Menopause represents a stage in a woman’s life where reproduction is now impossible. This can have large psychological concerns, where they often feel a burden or disregard for symptoms and emotions. A study investigated the effects of menopause on women between the ages of 45 to 55 and found three in five women between the age 45-55 experiencing menopause say it has negatively impacted them at work, and one in four have considered leaving work because of menopause. Most reported it had a negative effect on their concentration levels, patience, and stress levels. With only a quarter of women in the workplace feeling comfortable to share with management reasons for feeling this way, due to embarrassment and unsupportive workplaces. Clearly, there is still a stigma attached to menopause and tribunals have been won by women who have felt discriminated during their transition, with most not being able to access support or adjustments in a workplace. Unlike pregnancy or maternity leave, menopause is not well understood or provided for in workplace, cultures or policies, and training. We need to continue to bring attention to change so a woman’s transition through menopause is better understood and acknowledged!

HOW WE CAN HELP

So, what type of exercise is best? Here at Seed, we work closely with you and focus on a holistic approach and suitability for each woman. A variety of aerobic, strength, balance, and flexibility exercises should be prescribed, as these are known to assist with bone mineral density levels, strength, and stability. We also ensure the woman is aware of their current bone density levels and if supplementations or blood tests are required to ensure we are covering all bases and providing the utmost care in this stage of life.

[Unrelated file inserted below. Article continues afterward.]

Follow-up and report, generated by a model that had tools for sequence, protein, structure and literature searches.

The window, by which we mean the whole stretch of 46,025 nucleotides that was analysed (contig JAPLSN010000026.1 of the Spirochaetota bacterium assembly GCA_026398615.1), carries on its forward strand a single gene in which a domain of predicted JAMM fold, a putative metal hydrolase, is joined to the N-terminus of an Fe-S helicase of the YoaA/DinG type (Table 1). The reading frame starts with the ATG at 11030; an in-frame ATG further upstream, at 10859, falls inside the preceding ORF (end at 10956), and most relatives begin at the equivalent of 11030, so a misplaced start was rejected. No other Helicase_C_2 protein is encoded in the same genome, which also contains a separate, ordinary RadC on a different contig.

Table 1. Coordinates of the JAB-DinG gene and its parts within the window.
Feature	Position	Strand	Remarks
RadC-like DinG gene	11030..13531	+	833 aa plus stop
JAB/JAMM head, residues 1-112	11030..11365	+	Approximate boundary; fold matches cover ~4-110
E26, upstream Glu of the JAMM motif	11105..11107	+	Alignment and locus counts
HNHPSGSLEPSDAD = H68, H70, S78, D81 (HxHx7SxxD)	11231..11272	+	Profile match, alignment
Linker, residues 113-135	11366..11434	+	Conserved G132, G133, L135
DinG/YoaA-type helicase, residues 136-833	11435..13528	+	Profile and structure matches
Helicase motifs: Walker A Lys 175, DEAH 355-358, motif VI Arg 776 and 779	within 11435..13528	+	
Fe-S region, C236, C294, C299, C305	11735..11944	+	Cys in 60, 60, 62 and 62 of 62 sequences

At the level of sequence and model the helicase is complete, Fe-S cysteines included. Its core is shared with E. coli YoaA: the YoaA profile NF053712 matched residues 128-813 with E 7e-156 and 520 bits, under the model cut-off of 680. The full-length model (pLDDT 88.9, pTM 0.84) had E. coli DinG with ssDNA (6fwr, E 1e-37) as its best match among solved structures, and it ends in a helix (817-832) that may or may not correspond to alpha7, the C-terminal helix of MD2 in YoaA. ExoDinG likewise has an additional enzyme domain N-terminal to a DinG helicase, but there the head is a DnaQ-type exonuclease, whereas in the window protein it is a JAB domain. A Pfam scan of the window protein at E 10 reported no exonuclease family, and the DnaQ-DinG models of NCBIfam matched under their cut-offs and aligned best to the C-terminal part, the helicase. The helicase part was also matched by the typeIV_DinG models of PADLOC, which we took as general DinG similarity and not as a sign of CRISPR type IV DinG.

We also have class options!

Our ‘Light Feet’ class is very popular, we focus on improving functional balance, increasing lower and upper limb strength as well as targeting the cardiovascular system with safe, fast-paced movements to increase heart rate and laugh along the way too!

Our functional movement classes are also targeted to women under 50 years who may be peri-menopausal and require regular functional exercise.

If you need a hand in navigating menopause, we are here to help. Please get in touch with us to find out more on how we can use our integrative and women’s health focus to help you to feel your best through menopause and beyond!

Other articles

Chronic Pelvic Pain

Chronic Pelvic Pain

Chronic pelvic pain is a highly complex condition that is extremely individualised. Sometimes it is associated with conditions such as endometriosis, pelvic floor dysfunction, the menstrual cycle, or pregnancy; and then other times it is idiopathic and mysterious....

Your Pelvic Floor

Your Pelvic Floor

The pelvic floor not only consists of muscles, but fascia, ligaments, blood vessels, and nerves, which forms the floor of the pelvis. Think of it like a trampoline reaching from your pubic bone to your coccyx and from one ischium (sit bone) to the other. The function...

Anxiety & depression

Anxiety & depression

Exercise has been shown to reduce the rate of mental illness and improve overall mental health and well-being. It decreases symptoms of depression, anxiety, stress, and increases overall feelings of well-being! Exercise decreases social isolation, improves sleep...